Schools and Disasters: Safety and Mental Health Assessment and Interventions for Children
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This article draws on experiences and lessons from global disasters and utilizes the United Nations Comprehensive School Safety Framework to highlight the necessary role of safe schools in protecting children, as well as adult staff, from the immediate threats and long-term implications of disasters. Specifically, we focus on three well-established pillars of school safety: Pillar I: Safe Learning Facilities; Pillar II: Disaster Management; and Pillar III: Risk Reduction and Resilience Education. In addition, we propose a potential fourth pillar, which underscores the function of schools in postdisaster mental health assessment and intervention for children. We argue that schools offer a central location and trusted institutional space for mental health assessment and intervention after disasters. We also examine the important linkages between schools, child mental health, and household and family recovery. We conclude with recommendations for filling gaps in research and practice related to ensuring the safety of schools and the associated health and well-being of children in the face of future disasters.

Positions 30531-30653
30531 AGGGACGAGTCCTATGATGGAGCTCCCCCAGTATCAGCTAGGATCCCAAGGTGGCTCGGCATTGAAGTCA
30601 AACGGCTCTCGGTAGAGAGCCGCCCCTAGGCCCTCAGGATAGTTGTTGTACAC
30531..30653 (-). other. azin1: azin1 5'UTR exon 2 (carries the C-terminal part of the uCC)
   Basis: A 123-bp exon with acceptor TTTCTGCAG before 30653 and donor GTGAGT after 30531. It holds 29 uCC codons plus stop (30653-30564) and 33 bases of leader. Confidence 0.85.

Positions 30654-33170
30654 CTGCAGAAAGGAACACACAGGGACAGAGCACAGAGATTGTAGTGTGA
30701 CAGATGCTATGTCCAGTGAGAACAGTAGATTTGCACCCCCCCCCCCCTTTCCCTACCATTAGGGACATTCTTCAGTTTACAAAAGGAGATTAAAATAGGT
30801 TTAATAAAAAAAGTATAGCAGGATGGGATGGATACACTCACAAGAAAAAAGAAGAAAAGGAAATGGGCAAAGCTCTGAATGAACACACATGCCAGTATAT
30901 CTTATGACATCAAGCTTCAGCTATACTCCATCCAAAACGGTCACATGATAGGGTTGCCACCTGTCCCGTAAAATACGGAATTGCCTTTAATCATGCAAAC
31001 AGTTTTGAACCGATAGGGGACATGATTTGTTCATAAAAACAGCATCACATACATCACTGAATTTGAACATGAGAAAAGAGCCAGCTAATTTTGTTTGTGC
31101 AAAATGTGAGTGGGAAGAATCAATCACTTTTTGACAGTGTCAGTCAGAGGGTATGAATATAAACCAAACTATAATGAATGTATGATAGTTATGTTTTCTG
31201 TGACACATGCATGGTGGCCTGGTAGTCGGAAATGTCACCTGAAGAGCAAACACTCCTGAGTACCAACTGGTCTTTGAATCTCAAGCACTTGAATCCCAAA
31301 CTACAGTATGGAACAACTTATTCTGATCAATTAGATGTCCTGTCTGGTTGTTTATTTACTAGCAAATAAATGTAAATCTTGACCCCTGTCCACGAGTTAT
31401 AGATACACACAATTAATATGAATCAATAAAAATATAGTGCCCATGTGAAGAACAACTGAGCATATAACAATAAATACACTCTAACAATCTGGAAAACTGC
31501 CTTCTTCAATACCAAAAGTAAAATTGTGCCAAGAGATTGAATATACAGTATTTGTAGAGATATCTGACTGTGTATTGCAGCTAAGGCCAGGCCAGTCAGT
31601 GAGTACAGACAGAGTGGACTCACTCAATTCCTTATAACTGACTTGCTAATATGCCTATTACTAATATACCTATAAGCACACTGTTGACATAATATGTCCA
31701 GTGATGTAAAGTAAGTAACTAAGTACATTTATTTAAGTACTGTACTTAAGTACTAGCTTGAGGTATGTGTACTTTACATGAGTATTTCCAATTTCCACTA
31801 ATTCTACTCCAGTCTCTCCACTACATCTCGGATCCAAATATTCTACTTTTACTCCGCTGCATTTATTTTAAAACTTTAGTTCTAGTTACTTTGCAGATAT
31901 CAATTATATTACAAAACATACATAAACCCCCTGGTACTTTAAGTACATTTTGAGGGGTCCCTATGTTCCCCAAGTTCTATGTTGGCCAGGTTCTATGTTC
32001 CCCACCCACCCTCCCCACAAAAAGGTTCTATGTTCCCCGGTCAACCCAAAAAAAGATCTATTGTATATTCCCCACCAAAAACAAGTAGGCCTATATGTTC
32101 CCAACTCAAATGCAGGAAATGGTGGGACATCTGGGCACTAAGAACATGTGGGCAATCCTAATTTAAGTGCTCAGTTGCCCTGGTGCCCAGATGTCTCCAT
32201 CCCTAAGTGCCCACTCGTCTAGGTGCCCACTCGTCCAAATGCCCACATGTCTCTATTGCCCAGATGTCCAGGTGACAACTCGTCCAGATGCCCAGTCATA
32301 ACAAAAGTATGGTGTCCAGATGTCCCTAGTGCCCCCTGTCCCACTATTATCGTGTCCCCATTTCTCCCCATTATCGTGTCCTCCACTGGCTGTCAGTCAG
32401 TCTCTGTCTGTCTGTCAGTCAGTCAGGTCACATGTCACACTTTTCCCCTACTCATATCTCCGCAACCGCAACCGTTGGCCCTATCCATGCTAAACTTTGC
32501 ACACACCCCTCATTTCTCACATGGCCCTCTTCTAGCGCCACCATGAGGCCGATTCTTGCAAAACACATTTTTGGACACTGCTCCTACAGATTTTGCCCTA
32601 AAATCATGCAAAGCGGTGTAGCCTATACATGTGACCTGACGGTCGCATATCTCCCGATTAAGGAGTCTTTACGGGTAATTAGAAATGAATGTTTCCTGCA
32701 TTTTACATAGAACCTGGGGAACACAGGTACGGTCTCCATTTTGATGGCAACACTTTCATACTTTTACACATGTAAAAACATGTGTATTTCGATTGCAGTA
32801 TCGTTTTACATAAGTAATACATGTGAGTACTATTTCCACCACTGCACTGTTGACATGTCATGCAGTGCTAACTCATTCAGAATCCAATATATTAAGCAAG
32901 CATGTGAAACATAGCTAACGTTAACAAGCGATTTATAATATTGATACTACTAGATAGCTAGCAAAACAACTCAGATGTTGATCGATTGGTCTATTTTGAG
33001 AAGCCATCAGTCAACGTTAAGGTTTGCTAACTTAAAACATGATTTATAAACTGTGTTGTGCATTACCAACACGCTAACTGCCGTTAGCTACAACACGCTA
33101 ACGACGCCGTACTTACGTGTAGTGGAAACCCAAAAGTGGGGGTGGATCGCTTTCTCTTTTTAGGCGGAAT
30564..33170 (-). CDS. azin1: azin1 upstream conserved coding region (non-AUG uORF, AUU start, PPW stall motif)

KeywordsDisasters Children Schools Resilience Risk reduction Safety Assessment Intervention Posttraumatic stress
The authors wish to thank Rayleen Lewis and Michelle Livings, graduate students at the Georgia State University, and Lucy Carter, Scott Kaiser, Meghan Mordy, and Jennifer Tobin-Gurley, graduate students at the Colorado State University, for their assistance with compiling and reviewing literature for this article.
Compliance with Ethical Standards
Conflict of Interest
Sarah R. Lowe and Lori Peek declare that they have no conflict of interest.
Betty S. Lai and Ann-Margaret Esnard received a grant from the National Science Foundation (Award #: 1634234), Characterizing School Recovery After Disasters: Can We Optimize Academic Recovery?.
Human and Animal Rights and Informed Consent
This article does not contain any studies with human or animal subjects performed by any of the authors.
Papers of particular interest, published recently, have been highlighted as: • Of importance •• Of major importance
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